GOP lawmakers warn environmental activist lawsuits could help America's adversaries

House Republicans warned Defense Secretary Jim Mattis on Wednesday that lawsuits filed against the Pentagon by environmental advocacy groups in the U.S. may be unwittingly helping America’s adversaries, particularly China.

A letter sent by members of the House Committee on Natural Resources warned that “while some lawsuits represent sincere and justified concerns about the effect of federal actions on the environment, others may be maliciously filed to stop, restrict, delay, or impose additional costs on U.S. military activities.”

Committee Chairman Rob Bishop, R-Utah, and Subcommittee on Oversight and Investigations Chairman Bruce Westerman, R-Ark., pointed specifically to U.S. engagement in the Asia-Pacific region, noting the military has faced lawsuits dating back decades alleging environmental violations.

They wrote that the Navy has been restricted in testing and training due to litigation, citing lawsuits led by the Natural Resources Defense Council focusing on how marine life are impacted by the Navy’s use of active sonar and underwater explosives.

“Active sonar is the most effective means of detecting the ultra-quiet diesel electric submarines deployed by foreign navies, such as China’s People’s Liberation Army Navy,” the letter noted.

The letter also cited lawsuits by Earthjustice that have hindered live-fire exercises in Hawaii and a fight by environmental groups to prevent the relocation of a Marine Corps Air Station in Okinawa, Japan to a less densely populated area.

The lawmakers claimed that for America’s adversaries, “such lawsuits may serve as an inexpensive tool or a military windfall which reduce U.S. defense capabilities.”

Rep Rob Bishop is raising concerns about environmental lawsuits and if they are helping U.S. adversaries.

Rep Rob Bishop is raising concerns about environmental lawsuits and if they are helping U.S. adversaries.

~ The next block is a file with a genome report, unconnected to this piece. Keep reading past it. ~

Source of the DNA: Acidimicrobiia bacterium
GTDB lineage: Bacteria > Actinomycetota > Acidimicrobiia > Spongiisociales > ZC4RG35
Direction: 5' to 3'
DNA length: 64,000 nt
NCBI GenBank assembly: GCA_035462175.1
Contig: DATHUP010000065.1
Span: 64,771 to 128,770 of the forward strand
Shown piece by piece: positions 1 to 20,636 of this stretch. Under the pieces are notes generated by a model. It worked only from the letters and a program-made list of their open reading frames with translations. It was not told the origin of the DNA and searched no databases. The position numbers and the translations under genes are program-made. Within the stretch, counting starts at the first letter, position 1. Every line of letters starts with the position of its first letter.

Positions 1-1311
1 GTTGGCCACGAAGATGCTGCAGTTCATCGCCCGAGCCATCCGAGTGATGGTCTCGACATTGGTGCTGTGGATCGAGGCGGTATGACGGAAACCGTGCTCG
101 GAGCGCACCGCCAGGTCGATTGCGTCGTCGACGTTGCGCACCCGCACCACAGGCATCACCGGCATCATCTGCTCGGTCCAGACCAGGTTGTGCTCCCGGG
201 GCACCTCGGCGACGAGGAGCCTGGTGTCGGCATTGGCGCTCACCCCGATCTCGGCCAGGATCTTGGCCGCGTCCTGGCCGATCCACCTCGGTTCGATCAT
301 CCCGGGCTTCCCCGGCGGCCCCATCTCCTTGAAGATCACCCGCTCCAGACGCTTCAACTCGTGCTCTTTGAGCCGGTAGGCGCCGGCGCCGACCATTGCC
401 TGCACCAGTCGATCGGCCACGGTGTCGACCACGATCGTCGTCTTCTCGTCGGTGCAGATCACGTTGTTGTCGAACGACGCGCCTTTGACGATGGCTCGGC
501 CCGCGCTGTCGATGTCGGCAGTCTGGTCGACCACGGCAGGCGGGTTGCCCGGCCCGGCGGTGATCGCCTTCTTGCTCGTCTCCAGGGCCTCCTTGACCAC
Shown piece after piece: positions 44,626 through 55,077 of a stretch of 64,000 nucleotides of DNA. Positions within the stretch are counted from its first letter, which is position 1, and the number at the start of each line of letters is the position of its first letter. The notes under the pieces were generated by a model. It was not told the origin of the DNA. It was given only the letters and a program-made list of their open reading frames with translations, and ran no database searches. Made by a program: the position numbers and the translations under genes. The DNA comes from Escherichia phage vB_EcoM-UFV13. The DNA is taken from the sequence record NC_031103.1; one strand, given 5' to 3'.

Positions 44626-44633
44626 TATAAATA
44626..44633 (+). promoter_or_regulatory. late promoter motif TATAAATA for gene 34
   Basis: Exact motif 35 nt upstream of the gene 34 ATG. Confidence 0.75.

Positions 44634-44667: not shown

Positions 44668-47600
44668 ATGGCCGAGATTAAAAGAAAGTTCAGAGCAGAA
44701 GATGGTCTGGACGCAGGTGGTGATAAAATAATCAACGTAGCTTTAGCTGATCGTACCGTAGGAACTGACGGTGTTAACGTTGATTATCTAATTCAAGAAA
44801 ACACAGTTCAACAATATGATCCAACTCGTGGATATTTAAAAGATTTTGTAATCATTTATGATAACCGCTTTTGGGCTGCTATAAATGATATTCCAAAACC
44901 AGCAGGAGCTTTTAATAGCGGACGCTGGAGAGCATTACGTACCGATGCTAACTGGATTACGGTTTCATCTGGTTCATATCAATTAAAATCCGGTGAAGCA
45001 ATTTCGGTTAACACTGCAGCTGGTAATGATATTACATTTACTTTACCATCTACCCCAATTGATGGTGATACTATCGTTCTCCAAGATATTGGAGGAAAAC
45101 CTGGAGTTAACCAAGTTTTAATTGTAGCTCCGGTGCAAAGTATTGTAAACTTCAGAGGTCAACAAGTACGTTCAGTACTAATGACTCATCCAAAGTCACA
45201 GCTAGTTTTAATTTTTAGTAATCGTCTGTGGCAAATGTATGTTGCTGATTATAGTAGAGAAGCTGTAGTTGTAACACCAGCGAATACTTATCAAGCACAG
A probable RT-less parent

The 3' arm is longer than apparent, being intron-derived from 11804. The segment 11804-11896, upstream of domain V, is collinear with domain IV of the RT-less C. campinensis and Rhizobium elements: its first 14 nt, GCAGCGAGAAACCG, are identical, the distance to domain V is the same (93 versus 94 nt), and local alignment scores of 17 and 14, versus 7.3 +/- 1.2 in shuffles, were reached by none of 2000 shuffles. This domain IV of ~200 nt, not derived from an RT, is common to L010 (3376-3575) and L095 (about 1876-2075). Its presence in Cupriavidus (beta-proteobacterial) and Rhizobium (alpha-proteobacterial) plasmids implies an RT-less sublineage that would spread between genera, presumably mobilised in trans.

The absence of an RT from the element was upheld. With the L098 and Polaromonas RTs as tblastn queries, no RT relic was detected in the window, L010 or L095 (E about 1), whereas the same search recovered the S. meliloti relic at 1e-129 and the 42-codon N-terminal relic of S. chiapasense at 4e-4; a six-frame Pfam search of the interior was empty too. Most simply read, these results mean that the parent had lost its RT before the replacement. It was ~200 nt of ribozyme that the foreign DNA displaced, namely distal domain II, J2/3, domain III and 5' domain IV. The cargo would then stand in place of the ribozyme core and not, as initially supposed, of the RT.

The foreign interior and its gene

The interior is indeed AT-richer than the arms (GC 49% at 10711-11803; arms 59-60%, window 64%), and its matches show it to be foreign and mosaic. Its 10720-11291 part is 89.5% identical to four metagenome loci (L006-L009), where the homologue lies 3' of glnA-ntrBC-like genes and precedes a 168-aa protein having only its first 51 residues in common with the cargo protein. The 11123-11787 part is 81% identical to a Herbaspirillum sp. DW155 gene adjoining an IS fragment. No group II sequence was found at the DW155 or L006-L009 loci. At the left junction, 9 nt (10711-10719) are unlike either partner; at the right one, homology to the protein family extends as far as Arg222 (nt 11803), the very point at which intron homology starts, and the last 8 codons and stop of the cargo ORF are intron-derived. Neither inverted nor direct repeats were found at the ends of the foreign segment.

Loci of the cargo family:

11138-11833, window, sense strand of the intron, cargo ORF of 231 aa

“Accordingly, environmental groups that bring such lawsuits may be knowingly or vulnerable to unwittingly serving as proxies for our foreign adversaries,” the letter states, before warning that such groups “could perform as self-funded, self-sufficient, and perpetual ‘launch and forget’ weapons.”


The committee requested the Pentagon provide related information and documents, including those that identify foreign entities working to use U.S.-based groups as “proxies” in litigation against the Pentagon.

The letter comes after the committee raised red flags about the NRDC’s advocacy work earlier this month, suggesting it is at risk of being coerced by China -- suggesting it may even need to register as a foreign agent. On Wednesday, the NRDC responded to the latest letter by saying it's work "serves the public interest."

"It is directed by our senior leadership and policy experts, accountable to our independent board of trustees and supported by millions of Americans. Any suggestion to the contrary is just false,” Bob Deans, director of strategic engagement for the group, said in a statement. “We can defend our country and protect our oceans at the same time -- in fact, that’s what the law requires. The agreements we’ve reached with the U.S. Navy help to ensure the security and readiness of our naval forces in ways that protect marine mammals from needless harm.”

Fox News’ Alex Pappas contributed to this report.